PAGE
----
A big change could be coming to NZME’s The New Zealand Herald website by the end of this year. It has been free for all readers so far. However, its editor Murray Kirkness revealed to Mediaweek that it could adopt a freemium model, where a percentage of its content is locked behind a paywall, by the end of 2018.
“We would like to earn the right to charge for some content on the website by the end of the year,” Kirkness said.
He doesn’t undermine the impact that this shift may have.
“In a digital sense there is no doubt that audience can be challenged and we are acutely aware of that,” he said. “We are confident that we can produce a product that gets good audience numbers and digital subs.”
Kirkness remained tight-lipped about price points and packages. However, he said: “We aren’t just going to introduce a paywall and expect people to pay. We want to earn the right to charge.”
If The New Zealand Herald does put up a paywall by the end of this year, it will be one of the first major news outlets to do so in the country.
The masthead recently created much buzz when New Zealand prime minister Jacinda Ardern served as the guest editor of a commemorative edition of the paper.
The special editions are a talking point for people and tend to do well for the paper. “Having the PM in the seat was a coup for us. If there was breaking news or a political story that was developing, she wouldn’t have had a chance to edit it under those conditions,” Kirkness said.
The Herald has had an exciting few years of changes. It has developed a multiskilled newsroom to better serve its readers on any platform that they want to consume their news on. “We have been at the forefront of change and opening our eyes to the possibilities we have in reaching to audiences through a range of platforms,” Kirkness said.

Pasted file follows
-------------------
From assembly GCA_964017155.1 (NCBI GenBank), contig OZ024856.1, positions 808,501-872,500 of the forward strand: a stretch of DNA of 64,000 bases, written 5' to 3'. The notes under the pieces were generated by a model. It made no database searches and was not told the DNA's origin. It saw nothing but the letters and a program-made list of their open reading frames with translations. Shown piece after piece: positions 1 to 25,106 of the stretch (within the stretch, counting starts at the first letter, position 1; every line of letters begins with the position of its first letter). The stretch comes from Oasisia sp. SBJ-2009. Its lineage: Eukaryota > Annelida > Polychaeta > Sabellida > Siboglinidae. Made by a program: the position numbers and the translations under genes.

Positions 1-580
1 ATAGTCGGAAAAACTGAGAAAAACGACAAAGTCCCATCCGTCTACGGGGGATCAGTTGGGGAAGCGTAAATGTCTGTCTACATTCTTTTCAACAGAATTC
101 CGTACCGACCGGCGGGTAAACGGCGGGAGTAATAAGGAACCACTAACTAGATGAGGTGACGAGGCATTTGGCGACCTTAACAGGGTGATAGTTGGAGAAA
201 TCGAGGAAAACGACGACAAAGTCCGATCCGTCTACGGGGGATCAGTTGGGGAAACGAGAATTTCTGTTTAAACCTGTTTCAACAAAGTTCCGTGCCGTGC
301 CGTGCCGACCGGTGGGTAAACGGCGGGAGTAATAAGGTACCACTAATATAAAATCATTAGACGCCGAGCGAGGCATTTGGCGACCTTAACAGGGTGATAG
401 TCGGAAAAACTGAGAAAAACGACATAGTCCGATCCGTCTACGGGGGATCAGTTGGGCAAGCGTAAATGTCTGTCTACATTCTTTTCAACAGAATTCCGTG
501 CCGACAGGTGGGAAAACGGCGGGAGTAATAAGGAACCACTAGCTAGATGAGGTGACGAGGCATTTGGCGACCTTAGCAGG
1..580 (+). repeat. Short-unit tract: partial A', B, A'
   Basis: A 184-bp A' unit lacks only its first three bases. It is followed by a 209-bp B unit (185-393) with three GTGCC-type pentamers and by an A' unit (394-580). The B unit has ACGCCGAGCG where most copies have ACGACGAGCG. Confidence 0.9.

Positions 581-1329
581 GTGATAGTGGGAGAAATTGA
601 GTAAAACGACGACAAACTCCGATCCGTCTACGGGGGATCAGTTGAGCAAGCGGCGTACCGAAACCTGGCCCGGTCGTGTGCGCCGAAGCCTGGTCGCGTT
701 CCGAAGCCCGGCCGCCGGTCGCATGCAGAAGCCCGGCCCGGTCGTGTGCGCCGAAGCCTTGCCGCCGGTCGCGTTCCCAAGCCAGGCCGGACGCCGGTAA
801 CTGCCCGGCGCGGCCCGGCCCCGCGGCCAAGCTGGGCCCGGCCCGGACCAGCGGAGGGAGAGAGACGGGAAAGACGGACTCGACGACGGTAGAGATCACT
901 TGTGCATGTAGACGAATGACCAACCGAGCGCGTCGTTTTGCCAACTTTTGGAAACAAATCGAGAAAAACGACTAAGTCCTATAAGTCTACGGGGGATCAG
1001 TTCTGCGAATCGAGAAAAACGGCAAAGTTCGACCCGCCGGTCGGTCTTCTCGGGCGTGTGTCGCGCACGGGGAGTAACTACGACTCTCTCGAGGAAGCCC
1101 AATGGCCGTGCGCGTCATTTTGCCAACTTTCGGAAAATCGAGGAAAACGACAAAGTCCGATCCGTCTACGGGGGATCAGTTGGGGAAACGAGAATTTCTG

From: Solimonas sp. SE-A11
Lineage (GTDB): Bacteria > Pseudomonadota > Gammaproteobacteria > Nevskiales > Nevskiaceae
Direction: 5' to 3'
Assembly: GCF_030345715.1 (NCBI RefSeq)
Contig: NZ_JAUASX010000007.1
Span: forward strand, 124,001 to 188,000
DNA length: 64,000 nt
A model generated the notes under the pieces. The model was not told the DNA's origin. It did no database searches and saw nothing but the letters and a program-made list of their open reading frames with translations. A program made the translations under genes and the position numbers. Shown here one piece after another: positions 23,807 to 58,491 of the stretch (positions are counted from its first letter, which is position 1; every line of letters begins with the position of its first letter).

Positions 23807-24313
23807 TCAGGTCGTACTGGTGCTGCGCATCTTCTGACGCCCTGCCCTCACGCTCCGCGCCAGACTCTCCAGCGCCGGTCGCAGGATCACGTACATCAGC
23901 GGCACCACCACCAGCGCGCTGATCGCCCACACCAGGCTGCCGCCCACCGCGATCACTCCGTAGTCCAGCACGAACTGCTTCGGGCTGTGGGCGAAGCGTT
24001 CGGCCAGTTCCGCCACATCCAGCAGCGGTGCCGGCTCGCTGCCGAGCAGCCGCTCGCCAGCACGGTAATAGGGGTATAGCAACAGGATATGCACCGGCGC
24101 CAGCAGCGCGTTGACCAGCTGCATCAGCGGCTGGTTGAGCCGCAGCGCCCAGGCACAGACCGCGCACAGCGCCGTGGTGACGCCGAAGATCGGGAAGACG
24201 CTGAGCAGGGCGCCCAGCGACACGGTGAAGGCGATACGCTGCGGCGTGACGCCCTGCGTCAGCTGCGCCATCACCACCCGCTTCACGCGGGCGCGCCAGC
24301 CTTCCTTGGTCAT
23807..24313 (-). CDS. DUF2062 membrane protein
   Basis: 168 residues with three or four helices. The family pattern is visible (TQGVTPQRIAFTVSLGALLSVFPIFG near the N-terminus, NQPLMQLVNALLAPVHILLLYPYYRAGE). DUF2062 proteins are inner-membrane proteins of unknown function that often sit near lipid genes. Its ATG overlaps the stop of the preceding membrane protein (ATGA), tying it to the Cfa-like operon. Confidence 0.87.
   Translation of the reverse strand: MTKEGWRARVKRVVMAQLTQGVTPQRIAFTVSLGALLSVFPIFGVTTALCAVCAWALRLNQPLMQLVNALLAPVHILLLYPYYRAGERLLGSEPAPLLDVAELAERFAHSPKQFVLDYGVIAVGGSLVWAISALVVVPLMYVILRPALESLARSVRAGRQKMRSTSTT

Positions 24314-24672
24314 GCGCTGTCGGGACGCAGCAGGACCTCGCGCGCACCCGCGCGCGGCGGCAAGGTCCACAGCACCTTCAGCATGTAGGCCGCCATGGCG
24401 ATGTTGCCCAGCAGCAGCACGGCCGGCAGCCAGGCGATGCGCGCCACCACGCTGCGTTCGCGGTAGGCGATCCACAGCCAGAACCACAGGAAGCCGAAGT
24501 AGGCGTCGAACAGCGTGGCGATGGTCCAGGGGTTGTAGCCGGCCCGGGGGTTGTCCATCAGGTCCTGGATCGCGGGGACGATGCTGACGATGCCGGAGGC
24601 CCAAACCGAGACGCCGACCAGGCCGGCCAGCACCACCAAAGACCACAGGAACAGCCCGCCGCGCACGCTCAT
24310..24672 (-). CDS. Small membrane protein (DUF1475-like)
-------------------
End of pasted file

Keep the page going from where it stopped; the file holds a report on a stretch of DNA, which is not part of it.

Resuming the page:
The Herald’s owner NZME also operates APN NZ, The Radio Network and GrabOne. The parent company has been working towards getting its separate arms to work more closely with each other. “It sounds like a cliché to talk about amplifying a story but here we do that by absolutely making the best use of every single piece of content we generate. That is quite reinvigorating,” Kirkness said.
The Herald is bucking the trend in New Zealand. The paper is still a big revenue driver for the brand. “We are very proud of the fact that the readership for The Herald has increased and our circulation is pretty stable in the current environment,” Kirkness said. “Print still has power that can’t be underestimated.
“However, that said, there is no doubt that digital is at the forefront of everything we do. The possibilities with it around speed and variety of news storytelling techniques are endless.”
Kirkness recently crossed the Tasman for the 2018 News Media Awards, where the paper was named Daily News Brand of the Year.
“What we pride ourselves on is setting agendas, championing our people and advocating when there is a need to advocate and giving a voice to the voiceless,” Kirkness said. “The Herald is widely recognised as the best paper in the country.”